The money raised from the listing has also bankrolled 42 Below’s ambitious growth strategy. The company has yet to turn in a profit, but as its revenue is heading skywards its overheads as a proportion of that revenue are declining fast.
The company has also simplified its operations, by getting its distributors to assume some of the overheads in return for a reduced wholesale price. At the same time 42 Below has managed to maintain its margin through efficiencies gained from outsourcing its manufacturing to a New Zealand-based bulk distiller and bottling plant.
“We used to do it ourselves but as we’ve grown we’ve outsourced it to a far bigger plant than we had. But it’s made to our recipe and our specifications and we taste test every batch. They do a bloody good job.”
Ross says this has left the company with a stronger marketing focus. “I don’t want to come to work worrying why a conveyor belt has come off its tracks or why a forklift driver hasn’t turned up for work. I am more comfortable thinking about how we can own the streets of New York.” While the US is 42 Below’s biggest market by volume, Ross admits the company is still a little fish there, and it is concentrating its efforts on four cities; New York, Miami, Los Angeles and Las Vegas.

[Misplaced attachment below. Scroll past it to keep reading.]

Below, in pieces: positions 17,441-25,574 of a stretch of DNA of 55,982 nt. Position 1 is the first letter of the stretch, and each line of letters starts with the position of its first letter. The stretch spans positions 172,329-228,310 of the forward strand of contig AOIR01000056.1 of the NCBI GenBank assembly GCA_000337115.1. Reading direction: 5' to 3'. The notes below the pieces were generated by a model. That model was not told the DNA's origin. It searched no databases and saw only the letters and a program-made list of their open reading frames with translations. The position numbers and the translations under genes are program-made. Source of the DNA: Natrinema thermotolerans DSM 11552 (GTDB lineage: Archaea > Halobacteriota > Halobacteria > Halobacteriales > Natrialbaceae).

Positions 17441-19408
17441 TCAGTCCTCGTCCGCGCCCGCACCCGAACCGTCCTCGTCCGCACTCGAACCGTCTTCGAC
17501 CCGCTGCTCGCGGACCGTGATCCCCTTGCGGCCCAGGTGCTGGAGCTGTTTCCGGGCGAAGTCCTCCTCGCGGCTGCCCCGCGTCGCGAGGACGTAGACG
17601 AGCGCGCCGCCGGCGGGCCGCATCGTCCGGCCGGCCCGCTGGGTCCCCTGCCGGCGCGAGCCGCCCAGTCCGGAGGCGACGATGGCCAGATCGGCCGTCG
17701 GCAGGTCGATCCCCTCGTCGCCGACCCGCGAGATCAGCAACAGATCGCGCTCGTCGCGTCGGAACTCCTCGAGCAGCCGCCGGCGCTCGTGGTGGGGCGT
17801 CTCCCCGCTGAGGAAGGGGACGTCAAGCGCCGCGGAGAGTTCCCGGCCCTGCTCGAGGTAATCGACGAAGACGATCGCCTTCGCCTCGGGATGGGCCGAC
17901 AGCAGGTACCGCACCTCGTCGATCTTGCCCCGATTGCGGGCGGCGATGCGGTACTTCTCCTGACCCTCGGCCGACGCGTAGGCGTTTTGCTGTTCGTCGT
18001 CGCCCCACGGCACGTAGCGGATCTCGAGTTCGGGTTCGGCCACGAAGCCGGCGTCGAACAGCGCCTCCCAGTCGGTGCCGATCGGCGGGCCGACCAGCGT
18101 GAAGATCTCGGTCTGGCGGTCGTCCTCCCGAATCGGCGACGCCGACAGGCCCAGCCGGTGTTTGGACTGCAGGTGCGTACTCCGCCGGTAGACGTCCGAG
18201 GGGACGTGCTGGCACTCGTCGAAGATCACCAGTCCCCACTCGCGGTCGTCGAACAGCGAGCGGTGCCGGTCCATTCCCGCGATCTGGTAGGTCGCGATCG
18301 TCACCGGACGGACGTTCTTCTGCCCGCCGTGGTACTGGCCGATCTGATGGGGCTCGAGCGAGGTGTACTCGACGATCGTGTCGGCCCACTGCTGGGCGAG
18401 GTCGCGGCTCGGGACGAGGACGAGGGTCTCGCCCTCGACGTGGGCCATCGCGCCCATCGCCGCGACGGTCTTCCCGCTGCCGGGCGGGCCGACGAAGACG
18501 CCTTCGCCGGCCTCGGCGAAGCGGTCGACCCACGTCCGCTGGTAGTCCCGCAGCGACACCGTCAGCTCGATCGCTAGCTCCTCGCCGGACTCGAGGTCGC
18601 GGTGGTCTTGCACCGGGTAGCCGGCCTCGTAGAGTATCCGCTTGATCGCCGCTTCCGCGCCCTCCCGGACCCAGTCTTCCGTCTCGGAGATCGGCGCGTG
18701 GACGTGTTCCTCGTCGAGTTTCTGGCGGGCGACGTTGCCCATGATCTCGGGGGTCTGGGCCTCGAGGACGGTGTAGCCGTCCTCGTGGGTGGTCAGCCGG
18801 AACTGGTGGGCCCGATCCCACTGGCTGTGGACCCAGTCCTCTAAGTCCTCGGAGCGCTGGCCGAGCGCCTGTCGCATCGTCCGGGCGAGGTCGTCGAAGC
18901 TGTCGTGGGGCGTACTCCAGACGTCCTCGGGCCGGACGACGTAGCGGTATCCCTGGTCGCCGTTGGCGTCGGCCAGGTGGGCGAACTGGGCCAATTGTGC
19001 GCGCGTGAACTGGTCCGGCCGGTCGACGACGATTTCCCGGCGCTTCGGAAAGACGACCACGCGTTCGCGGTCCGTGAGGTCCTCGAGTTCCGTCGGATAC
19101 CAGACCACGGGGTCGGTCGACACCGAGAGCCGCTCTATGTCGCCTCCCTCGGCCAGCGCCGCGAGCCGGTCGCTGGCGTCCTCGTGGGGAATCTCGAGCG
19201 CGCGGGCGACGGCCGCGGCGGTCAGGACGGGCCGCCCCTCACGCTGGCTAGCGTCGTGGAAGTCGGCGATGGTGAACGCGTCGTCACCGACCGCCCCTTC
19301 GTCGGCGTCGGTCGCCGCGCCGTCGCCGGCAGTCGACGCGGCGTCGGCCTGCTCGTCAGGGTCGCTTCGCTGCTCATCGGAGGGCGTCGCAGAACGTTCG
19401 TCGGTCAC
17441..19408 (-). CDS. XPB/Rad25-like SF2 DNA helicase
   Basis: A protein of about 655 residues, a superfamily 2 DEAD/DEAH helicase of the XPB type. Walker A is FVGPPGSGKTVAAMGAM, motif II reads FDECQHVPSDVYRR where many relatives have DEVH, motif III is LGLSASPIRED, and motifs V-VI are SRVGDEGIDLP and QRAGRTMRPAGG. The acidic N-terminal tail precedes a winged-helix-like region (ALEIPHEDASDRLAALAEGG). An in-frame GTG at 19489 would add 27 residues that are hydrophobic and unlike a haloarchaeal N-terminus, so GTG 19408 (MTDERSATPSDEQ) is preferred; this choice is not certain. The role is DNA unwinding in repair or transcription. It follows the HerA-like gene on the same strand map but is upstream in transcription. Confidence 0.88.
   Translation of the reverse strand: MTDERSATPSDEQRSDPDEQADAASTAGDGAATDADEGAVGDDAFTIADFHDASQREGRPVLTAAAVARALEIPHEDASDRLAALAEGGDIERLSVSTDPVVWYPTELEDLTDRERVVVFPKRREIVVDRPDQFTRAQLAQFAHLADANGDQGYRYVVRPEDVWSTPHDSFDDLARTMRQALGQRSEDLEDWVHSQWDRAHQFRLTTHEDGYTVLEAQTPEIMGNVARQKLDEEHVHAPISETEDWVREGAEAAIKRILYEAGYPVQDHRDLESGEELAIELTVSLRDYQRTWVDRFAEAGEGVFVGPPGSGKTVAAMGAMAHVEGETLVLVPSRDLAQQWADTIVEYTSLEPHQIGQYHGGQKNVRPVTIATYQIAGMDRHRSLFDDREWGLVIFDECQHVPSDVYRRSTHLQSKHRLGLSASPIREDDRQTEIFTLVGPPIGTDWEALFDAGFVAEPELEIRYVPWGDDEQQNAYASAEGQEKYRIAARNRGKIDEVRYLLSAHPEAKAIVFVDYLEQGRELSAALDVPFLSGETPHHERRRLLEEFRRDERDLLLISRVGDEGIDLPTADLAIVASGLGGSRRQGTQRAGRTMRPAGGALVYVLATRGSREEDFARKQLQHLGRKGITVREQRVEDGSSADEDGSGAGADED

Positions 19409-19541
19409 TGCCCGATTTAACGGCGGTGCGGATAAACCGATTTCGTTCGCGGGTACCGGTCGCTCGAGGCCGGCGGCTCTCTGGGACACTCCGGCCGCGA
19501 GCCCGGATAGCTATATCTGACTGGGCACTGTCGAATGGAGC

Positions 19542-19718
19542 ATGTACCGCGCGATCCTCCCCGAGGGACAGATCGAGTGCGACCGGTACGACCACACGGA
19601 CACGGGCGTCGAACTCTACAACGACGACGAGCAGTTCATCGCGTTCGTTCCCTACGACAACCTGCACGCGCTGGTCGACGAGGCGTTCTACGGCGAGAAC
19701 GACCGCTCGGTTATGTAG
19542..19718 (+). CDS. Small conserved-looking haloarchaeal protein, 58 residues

“We’d be happy if we were a major player in those four cities alone. The US is such a huge market - California alone is the fifth largest economy in the world.”
Ross says breaking into the American market was quite difficult, not least because of the federal approvals required and the vagaries of the US liquor licensing laws. The company now sends its US shipments into a bonded warehouse, leaving the importer to pay the excise tax as it is uplifted. “In New Zealand it’s a bit different. We sell to a customer with tax and then we pay the excise to Customs. It’s a huge cheque every month. If you miss it by one minute then you lose your licence, so you don’t want to miss those payments.”